Entrepreneurship | May 23, 2019

Empowering communities to take ownership of their own Opportunity Zones

Rachel Reilly
Guest Author

Rachel Reilly

ImpactAlpha, May 23 –  A common thread throughout the Forbes Opportunity Zones Summit in Newark this week: Ensuring those living and working in Opportunity Zones are empowered to use the tax incentive to take an ownership stake in their own neighborhoods.

“It’s about time an innovative idea came out of Washington that gives local leaders a chance to try new things,” said Sen. Cory Booker, the former mayor of Newark and current candidate for president. Earlier this month Booker introduced a bill requiring Opportunity Fund managers to report on their social impact. Among the takeaways from the event (co-hosted by Economic Innovation Group):

  • Community ownership. “Why do other people see gold in our neighborhoods and we don’t?” asked New York radio host Charlamagne Tha God. The Confluent Group’s David Gross, business partner of the late Agent of Impact Nipsey Hussle says the Our Opportunity initiative he co-founded with Hussle is a playbook for people to “buy back the block.”
  • Beyond the coasts. “Drive capital to the rest of the country so people could build great companies where they live,” said billionaire investor Sean Parker, a co-founder of EIG, the think-tank that developed the Opportunity Zones policy effort. “There are just as many bold innovators in Nashville, the Navajo Tribal Nation and Newark as there are in Silicon Valley,” said Jim Sorenson, who has put $10 million into an Opportunity Fund launched by his private equity firm, Catalyst.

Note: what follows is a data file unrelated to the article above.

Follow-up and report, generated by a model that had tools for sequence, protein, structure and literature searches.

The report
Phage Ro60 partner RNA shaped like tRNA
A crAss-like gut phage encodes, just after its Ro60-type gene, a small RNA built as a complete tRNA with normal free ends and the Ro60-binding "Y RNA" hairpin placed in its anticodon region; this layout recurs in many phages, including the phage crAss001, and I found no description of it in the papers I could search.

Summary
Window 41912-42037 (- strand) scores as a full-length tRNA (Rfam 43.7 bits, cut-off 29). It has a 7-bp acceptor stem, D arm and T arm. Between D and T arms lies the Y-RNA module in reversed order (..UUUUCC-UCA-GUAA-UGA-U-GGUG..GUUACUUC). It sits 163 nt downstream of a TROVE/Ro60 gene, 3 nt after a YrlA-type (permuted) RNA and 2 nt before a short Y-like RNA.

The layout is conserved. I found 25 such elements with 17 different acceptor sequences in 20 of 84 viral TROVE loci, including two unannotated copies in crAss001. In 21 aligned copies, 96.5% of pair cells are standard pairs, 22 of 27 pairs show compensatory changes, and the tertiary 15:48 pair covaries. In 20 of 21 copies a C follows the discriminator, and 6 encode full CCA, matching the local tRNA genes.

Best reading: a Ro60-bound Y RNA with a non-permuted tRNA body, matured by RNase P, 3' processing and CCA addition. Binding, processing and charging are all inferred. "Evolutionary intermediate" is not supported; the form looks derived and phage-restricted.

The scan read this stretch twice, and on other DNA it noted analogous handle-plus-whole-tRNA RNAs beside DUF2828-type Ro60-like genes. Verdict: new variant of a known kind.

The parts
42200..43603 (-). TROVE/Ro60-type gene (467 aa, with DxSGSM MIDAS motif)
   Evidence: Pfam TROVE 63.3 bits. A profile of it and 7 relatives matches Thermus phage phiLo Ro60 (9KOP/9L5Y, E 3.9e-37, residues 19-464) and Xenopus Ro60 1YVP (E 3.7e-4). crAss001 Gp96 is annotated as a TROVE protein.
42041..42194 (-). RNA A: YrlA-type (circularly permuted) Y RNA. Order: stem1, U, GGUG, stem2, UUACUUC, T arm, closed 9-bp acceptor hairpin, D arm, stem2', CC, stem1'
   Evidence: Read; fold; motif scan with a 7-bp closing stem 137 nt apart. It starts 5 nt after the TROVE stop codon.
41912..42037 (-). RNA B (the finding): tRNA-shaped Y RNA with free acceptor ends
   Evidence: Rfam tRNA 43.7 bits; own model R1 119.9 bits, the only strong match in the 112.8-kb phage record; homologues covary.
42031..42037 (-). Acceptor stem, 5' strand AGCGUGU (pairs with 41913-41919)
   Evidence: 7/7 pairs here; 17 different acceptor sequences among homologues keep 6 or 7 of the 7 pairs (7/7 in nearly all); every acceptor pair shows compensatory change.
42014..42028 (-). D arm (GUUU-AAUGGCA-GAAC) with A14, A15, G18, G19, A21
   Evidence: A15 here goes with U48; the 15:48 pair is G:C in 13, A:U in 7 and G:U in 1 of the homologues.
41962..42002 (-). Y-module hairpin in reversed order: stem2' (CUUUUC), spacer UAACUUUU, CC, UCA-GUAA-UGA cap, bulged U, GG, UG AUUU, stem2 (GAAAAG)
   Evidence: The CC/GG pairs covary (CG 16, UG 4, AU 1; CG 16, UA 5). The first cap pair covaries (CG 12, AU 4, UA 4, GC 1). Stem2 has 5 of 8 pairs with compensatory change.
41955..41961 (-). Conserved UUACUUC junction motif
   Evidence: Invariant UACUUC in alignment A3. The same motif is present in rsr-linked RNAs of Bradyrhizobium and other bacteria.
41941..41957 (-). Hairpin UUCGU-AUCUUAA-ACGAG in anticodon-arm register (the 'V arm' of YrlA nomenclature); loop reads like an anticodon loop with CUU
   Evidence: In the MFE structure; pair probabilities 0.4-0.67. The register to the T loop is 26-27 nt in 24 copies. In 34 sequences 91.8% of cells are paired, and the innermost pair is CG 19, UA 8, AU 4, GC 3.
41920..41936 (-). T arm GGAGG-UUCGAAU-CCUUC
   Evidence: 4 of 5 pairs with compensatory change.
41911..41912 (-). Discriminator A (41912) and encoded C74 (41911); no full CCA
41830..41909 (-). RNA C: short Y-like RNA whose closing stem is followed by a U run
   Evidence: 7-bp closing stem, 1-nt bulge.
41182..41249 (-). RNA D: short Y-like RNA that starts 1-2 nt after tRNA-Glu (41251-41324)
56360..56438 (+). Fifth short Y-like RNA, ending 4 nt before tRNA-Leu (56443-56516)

• Break down barriers. Launch Pad’s Anne Driscoll said success hinges on ecosystem activation, including education, training and agency (see, “A launch pad for businesses that can make Opportunity Zones thrive”). Breaking down barriers to participation is one way to “make sure Opportunity Zones do not harm the intended beneficiaries” said Stockton, Calif. Mayor Michael Tubbs.
  • City-centric. Chief Opportunity Zone Officers and other city staff can “make sure the voice of the community is represented in every deal,” said Rockefeller Foundation’s Rajiv Shah, who announced $5.5 million in grant funding. The Mastercard Center for Inclusive Growth committed $1 million to the nonprofit Accelerator for America to support 50 city Opportunity Zone leaders.

Rachel Reilly is director of impact strategy at Economic Innovation Group.